According to a 2022 Gartner survey, 17 percent of manufacturers across industries are already using digital twins while 10 percent plan to adopt it in 2023 and 17 percent by 2024.

Industrial companies can combine the metaverse applications like virtual reality (VR) with digital twins to build simulated worlds that closely model the operating environment for predictive decision-making. Innovations to create increasingly realistic digital twins coupled with VR are poised to rise.


Increased Focus on Cyber Resiliency

As the complexity of threats and the number of IoT cyberattacks continue to rise, a renewed focus on the cyber resiliency of IIoT systems is ensuing among device manufacturers, security experts and regulators. In 2023, the European Union (EU) is expected to introduce a law requiring smart devices to adhere to cybersecurity rules with non-compliance resulting in a device ban. The law requires manufacturers to report threats to European Union Agency for Cybersecurity (ENISA) within 24 hours.

The cyber-physical nature of IoT systems is vulnerable to physical tampering. Supply chain issues resulting in counterfeit device components increase cyber-physical risks for smart factories. To counteract these threats, security adoption is now an undeniable reality for manufacturers. A study forecasts that the IoT security market will hit $59 billion by 2029.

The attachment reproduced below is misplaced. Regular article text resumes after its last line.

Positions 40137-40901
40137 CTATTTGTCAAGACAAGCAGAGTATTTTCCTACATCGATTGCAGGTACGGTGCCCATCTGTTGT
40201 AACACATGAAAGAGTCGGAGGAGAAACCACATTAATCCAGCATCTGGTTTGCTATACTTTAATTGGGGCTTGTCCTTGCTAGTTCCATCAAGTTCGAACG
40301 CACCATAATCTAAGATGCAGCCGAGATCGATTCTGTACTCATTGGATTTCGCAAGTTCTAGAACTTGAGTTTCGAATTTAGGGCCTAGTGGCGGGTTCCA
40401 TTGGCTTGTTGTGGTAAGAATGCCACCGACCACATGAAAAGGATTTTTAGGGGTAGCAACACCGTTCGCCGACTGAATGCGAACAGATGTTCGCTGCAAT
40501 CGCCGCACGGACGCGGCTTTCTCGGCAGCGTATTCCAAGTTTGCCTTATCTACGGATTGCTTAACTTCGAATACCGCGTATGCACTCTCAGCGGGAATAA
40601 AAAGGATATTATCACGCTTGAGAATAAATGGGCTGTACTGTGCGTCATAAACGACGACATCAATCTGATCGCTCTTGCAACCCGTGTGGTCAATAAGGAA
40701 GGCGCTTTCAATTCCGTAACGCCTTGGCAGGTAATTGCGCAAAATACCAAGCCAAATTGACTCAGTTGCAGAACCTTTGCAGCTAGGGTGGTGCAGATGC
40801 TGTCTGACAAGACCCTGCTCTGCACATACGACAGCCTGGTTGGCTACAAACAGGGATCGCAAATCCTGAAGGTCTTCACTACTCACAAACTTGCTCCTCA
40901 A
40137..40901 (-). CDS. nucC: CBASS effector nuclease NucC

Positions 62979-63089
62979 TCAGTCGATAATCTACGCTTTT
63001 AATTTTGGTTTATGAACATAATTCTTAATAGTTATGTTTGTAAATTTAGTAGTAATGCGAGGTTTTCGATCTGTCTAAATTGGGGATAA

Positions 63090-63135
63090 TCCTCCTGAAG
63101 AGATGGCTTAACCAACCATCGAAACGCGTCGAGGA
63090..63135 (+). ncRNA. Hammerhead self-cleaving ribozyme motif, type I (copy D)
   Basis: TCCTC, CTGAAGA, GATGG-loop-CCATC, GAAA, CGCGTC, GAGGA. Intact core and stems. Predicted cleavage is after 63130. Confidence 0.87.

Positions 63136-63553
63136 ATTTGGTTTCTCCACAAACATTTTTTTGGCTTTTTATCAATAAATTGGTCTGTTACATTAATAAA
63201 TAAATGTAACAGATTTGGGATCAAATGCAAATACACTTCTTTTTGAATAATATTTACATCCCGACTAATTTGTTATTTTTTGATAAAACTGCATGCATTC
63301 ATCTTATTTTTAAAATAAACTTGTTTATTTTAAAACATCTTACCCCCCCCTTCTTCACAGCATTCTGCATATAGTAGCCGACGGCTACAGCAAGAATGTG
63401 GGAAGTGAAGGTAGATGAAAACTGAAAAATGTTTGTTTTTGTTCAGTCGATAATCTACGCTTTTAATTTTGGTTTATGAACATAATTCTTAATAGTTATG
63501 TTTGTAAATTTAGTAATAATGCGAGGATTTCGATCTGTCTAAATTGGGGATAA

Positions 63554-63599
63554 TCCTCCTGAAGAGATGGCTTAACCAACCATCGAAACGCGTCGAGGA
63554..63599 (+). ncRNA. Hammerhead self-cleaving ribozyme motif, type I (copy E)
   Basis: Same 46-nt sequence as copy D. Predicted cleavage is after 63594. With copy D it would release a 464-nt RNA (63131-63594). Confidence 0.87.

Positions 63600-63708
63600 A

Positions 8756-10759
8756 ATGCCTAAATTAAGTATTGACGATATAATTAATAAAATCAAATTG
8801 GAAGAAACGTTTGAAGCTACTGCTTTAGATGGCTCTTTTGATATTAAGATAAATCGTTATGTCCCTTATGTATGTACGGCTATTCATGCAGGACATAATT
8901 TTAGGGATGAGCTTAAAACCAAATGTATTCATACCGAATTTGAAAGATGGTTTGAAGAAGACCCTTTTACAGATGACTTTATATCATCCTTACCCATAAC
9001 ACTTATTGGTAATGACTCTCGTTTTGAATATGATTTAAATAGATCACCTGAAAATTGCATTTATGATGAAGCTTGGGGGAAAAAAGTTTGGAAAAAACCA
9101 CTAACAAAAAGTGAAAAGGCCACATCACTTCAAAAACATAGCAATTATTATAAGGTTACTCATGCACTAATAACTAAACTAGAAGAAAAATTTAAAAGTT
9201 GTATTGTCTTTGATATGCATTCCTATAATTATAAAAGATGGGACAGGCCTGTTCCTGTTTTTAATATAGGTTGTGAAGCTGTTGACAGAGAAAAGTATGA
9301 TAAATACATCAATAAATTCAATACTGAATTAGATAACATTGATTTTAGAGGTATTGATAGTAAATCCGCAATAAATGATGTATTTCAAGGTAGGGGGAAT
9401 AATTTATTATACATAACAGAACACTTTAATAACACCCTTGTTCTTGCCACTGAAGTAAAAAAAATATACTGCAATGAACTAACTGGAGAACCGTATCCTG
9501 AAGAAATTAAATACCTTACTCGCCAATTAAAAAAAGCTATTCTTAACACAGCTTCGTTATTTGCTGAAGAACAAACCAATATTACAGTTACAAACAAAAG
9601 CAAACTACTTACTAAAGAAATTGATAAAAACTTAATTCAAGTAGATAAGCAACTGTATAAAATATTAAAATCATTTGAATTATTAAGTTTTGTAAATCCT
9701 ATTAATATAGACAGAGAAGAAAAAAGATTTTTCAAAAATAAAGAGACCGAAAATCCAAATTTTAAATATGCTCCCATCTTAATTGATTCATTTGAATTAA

Sensor Technology Advancements

In IIoT systems, designers increasingly rely on sensor data to detect and measure real-world inputs. Industrial automation sensors collect critical data on parameters like temperature, position, pressure, force, humidity, distance, air quality and environmental conditions.

According to a Research and Markets study, the market for industrial automation sensors is projected to reach $22.59 billion by 2029 at a CAGR of 9.6 percent from 2022 to 2029. The rising adoption of Industry 4.0 and IIoT in manufacturing is a key driving factor for this growth. Technology innovations in industrial sensors increased the adoption of predictive maintenance, and the surging demand for smart sensor-enabled wearable devices is also contributing to this projected growth. The demand for smart sensors in automobile design and manufacturing for improved vehicle safety is also trending upwards.


Technology advancements in IIoT will continue to benefit manufacturers by opening new revenue streams and improving industrial safety while reducing downtime and operational costs. However, IIoT adoption and cyber resiliency must go hand in hand. While emerging regulatory controls are encouraging, security must begin with design. System designers’ role in ensuring components like ASICs and sensors are resilient and tamperproof will be critical in protecting the industrial ecosystem.


Sravani Bhattacharjee has worked as a tech leader at Cisco, Honeywell and other companies where she delivered many successful innovations to the market. As the principal of Irecamedia, she collaborates with Industrial IoT innovators to create compelling vision, strategy and content that drives awareness and business decisions.